How to Bring a Photo Back From the Dead

November 24, 2013  •  Leave a Comment

I say “try to” because ultimately I failed to accomplish what I intended to achieve, which was an exceptional color corrected photo from a promising shot that, if not for the placement of the subject, would have been an easy adjustment and exceptional color photo.  At a certain point you have to throw your hands in the air and submit to the fact there are more important things to than beating your head against the wall.  Also, you might know exactly what I could have done in which case, I’d love to hear from you.

On many occasions (more than I care to count, especially when I used to shoot film), I get a result where the color balance is a mess and the auto balancer on the camera goes into fits because the light is simply not behaving like it thinks it should.  So it compensates in a completely ignorant way and you start with a mess when you see the result.

But can it be brought back from the dead without converting to Black and White?  I aim to find out with this one photo that I gave up color correcting years ago, and due to the sheer expression of the subject, decided it would make a better black and white photo.  And that actually might be the case here, but back when I took this, I had only the latest version of Photoshop (which was 3 at the time, I think) to make adjustments.  Not understanding color adjustments at all at the time, I made the basic levels adjustments I learned in digital scanning 101.  That was taking the RGB layers separately and bringing in the black and white levels so they basically even out the exposure and not one single layer is dominating and creating a color cast.

So, I’m going to do this from scratch and scan the original slide again right out of a Nikon Super Coolscan 4000.  This was taken in full sun under the shade of a tent that had large yellow and white stripes.  Unless you have a greycard available, this kind of lighting is disastrous, especially with color slide film.  But this was candid, unplanned and fleeting, so greycard color balancing is not usually an option.  You just take it and hope for the best.

 

 

Original uncorrected image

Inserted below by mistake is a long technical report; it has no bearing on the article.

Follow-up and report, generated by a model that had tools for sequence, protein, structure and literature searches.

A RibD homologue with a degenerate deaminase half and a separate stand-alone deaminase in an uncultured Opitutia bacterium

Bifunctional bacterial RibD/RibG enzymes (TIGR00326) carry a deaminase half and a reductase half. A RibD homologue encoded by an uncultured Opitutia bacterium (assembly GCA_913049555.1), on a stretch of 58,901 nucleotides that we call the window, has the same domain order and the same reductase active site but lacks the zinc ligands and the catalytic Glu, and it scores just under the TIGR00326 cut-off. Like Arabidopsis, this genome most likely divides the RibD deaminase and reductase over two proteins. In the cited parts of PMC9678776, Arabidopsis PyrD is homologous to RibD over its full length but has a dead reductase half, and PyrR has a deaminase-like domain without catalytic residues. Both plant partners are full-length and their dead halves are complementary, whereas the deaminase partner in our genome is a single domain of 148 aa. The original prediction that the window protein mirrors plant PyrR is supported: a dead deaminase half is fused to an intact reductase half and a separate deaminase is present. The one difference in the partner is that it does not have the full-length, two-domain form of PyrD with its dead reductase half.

Original uncorrected image

Ugh!  This one has “Convert to B&W” written all over it.  The skin tones are all muddled up.   The whole thing is completely biased toward red while her arm is a completely different cast.  I’m using Hamrick’s Vuescan software, which imho works much better than the bundled Nikon scanning software.  But even with it set to “Auto Exposure” the scan resulted in this.  Setting to “White Balance” wasn’t much better.  I decided to stick with the lesser of the two evils.

levels-preadjust

 

 

 

So the first thing I did was look at the histogram in Photoshop.  Red dominates, of course.  Blue and Green shift off to the darker areas.  So the first thing to do is bring these levels back into some sort of balance using the levels tool. It’s important to adjust the RGB level separately, or you will lose the benefit of this basic first step in color correcting.

 

 

 

 

levels

Bringing the Black and White slider over to meet the curve on Blue and Green helped out somewhat.   The overall cast is still on the photo, though, but at least it was a better place to start overall corrections.

levels-adjustedResult after separate RGB adjustments

 

 

20010519_22a-afterlevels  

After adjusting black and white sliders in Levels

 

Adding a Photo Filter layer, I started looking at what colors I wanted to filter out.  Red?  Yellow?  Orange?

 

Illustration By Nathan Hernandez from an article by “The Editors” at shutterbug.com – http://www.shutterbug.com/content/photo-filters

 

Actually, the Green filter was the key here.  If you look at the chart on the right, using a green filter lessens the Magenta cast (and Red/Blue to a lesser extent).  If you look at the histogram after setting the Green filter a 35%, you can see the difference. photo-filter-green

 

20010519_22a-aftergreenfilter  

After Green Photo filter added at 35%

 

We aren’t quite there yet, though.  The arm is still a different color than the face which looks unnatural.  Here I desaturated the whole image a bit, which helped out quite a bit.  But the arm was still too yellow compared to the face.  That is where you have to go manual and mask off the arm itself and adjust the color balance separately.

 

20010519_22a-afterdesaturate

After Desaturate (-35)

I added another Photo Filter layer and then selected the Mask that is added to the layer.  I selected all, filled it all in with Black, then used a soft brush in White to color only the arm.  That way, any adjustments would only apply to that part of the photo.  I set the Photo Filter color to Blue, adjusted to the point where the skin tones came very close (around 39%).

 

layers

20010519_22a-selected Selecting only the arm inside the Photo Filter mask 

 

 

Here is the result (left).  I like this version much better (original version on right), but in the end not as much as the Black and White version, which I ultimately settled on.  You can see that one on the Candid page:  http://www.artistasylum.com/candid

CorrectedCorrected

 

 

 

 


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